Sergei SHASHKOV – Independent analyst and researcher
An act of self-immolation by a Tunisian street vendor in protest of the confiscation of his wares by municipal officials in December was covered in the media as the catalyst for mass riots in Tunisia, which later spread to Egypt, Yemen, Iran, Algeria, Bahrain, Jordan, Kuwait, Libya, Djibouti, Morocco.
Poor living conditions, dictatorial rule and corruption were among key reasons for the uprising. Lacking trust in the authorities, the protesters demanded change of power and democratic reforms. Inspired by riots in Tunisia, people in neighboring Arab countries took up the baton. At first sight their arguments seemed to be quite solid…
But when we look at the list of countries hit by social protests, we`ll see that not all of them can be described as poor. Kuwait, Bahrain, Libya, Tunisia and Iran have larger GDP than Bulgaria and some other countries of the EU. Even Yemen which is said to be the poorest country in the Arab world, boasts a more prosperous economy than Moldova and Tajikistan (according to estimates unveiled in 2010).
Demands for better life were just an excuse for the poorest people in these countries to stage the riots. But each country in the world has people who are not happy with their government, which means that the real cause of protests often differs from that manifested.
Almost everyone who has been taking part in the riots demanding leaders to step down, used to support the governmnet before. Everyone except criminals who were lucky to flee prisons amid chaos in the streets and join the anti-government supporters.
It was clear from the very start that pleading for Arab unity and solidarity would not work. The United Arab Republic collapsed shortly after it was proclaimed, while the Union of Arab republics existed even less and only on paper. Libya was in war with Egypt and Sudan, the People's Democratic Republic of Yemen with the Yemeni Arab Republic, in Jordan the Black September militant group attacked Palestinians. Egypt, the Saudi Arabia, Syria and some other Arab countries took part in a war against Iraq in 1991, and many Arab army officials received medals from the U.S.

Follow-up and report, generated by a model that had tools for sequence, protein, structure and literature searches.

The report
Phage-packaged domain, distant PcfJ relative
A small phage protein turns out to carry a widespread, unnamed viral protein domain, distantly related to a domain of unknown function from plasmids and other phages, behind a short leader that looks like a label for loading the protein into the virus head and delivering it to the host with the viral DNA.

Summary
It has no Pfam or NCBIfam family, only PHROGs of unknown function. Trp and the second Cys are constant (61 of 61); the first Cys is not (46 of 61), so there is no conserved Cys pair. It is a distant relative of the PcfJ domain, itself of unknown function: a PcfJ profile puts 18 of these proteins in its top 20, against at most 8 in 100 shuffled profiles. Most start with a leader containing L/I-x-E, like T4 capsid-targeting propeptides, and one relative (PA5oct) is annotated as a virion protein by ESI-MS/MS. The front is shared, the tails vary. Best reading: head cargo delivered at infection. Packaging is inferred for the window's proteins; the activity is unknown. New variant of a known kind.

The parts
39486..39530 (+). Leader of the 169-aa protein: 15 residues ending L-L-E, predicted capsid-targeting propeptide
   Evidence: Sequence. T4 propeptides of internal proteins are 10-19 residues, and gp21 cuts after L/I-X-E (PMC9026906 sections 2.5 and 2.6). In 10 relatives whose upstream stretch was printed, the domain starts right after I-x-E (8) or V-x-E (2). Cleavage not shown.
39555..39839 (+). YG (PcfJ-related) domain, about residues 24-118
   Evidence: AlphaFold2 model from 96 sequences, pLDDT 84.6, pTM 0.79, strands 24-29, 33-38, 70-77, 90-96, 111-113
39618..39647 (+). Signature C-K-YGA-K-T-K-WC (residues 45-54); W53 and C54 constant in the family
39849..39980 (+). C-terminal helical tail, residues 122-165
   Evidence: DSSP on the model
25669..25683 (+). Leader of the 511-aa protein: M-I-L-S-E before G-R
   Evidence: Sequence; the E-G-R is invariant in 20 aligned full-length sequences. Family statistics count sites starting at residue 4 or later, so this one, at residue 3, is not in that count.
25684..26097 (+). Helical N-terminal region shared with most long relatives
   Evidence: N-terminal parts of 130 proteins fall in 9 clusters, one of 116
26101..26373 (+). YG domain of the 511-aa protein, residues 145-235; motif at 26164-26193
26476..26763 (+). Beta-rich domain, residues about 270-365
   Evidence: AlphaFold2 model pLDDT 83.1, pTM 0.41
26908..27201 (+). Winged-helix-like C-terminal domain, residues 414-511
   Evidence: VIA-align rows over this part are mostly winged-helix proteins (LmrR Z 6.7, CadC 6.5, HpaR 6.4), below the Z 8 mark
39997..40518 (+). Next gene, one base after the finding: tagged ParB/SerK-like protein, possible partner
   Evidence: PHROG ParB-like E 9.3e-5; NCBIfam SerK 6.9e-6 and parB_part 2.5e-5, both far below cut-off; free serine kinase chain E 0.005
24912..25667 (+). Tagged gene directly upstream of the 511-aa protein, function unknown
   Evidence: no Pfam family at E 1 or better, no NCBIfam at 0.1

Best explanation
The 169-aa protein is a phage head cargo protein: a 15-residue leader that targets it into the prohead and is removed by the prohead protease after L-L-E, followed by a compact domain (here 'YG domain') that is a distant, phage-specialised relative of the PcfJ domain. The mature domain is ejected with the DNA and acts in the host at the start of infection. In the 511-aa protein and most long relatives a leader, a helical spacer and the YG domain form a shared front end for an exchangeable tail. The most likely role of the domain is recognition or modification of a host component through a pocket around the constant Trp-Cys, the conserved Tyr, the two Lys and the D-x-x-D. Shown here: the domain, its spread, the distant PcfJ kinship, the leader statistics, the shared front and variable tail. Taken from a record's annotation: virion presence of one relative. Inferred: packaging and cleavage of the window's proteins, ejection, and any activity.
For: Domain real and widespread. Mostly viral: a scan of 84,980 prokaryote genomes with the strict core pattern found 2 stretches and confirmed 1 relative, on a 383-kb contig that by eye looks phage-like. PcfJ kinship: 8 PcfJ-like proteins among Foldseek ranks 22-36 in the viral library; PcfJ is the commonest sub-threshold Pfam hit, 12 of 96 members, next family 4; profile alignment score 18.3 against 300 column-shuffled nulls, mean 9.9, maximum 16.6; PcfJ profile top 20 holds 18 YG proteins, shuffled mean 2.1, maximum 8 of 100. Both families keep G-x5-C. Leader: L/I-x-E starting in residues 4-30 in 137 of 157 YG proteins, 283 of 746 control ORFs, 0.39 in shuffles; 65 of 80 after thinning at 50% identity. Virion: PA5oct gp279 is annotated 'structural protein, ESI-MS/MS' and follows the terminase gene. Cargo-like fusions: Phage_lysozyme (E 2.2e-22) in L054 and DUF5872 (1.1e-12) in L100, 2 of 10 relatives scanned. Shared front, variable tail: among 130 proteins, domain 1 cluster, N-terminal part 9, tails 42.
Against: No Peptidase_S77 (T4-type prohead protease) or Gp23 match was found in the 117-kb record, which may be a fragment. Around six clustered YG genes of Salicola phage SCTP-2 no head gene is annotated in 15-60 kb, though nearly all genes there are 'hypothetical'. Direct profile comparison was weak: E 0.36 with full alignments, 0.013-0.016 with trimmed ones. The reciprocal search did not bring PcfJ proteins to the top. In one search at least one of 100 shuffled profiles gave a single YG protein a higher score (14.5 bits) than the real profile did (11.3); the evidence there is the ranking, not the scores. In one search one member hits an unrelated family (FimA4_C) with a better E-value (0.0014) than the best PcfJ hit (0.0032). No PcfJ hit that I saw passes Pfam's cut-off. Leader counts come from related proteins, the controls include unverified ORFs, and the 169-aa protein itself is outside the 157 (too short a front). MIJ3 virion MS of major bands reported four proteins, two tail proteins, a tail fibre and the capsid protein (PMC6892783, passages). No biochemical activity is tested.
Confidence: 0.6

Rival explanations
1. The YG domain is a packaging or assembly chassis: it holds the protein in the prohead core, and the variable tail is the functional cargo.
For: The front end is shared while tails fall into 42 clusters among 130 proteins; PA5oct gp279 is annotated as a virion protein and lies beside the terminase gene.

The Arabs are very different depending on a country they live in and traditions they have, that is why it is easier to find something they all have in common. Even the Arabic language – it is difficult to imagine anything that can unite people better than native language – fails to play this role since there are dozens of dialects preventing people from understanding each other well.
Meanwhile, we should take into account that not all Arab countries were hit by the riots (protests in Iran are not directly linked to those in the aforementioned countries). There are only several countries experiencing social revolts which have very much in common.
Assumptions about recent protests in the Arab East being all parts of one game which was plotted from abroad will turn into facts as soon as we analyze technology used during the uprising and the results.
Recent events perfectly fit into the US-invented concept of 'manageable chaos' (also known as 'controlled instability' theory). Among its authors are: Zbigniew Brzezinski, a Polish American political scientist, Gene Sharp, who wrote From Dictatorship to Democracy, and Steven Mann, whose Chaos Theoryand Strategic Thought was published in Washington in 1992, and who was involved in plotting 'color revolutions' in some former Soviet republics.
These are key principles of the 'manageable chaos' theory:
-to unite various political groups against existing government
-to undermine a country leaders` confidence in themselves and in loyalty of the army
– destabilization of the situation with the help of aggressive protesters and criminals
- to topple existing regime through a coup or during the so-called 'democratic elections'
The legal basis and moral aspect
In geopolitics morality depends on national interests. As far as information warfare is concerned, it does not seem to do anything with internationally recognized notion of aggression. When there is no agreement on what to define as 'international terrorism' nothing prevents Washington from using whatever means to fight it in any part of the world, and the 'manageable chaos' theory comes in very handy here.
Implementation of the plan
In 1996 the U.S. created a presidential commission to work out offensive strategy of information warfare, while the CIA formed the Critical Technologies Group and the Department for international issues. A special technology was designed to automatically track all data transmitted via the Internet, including private correspondence, to identify suspicious messages by key words. Searching for these key words in Arabic was made a priority of the program.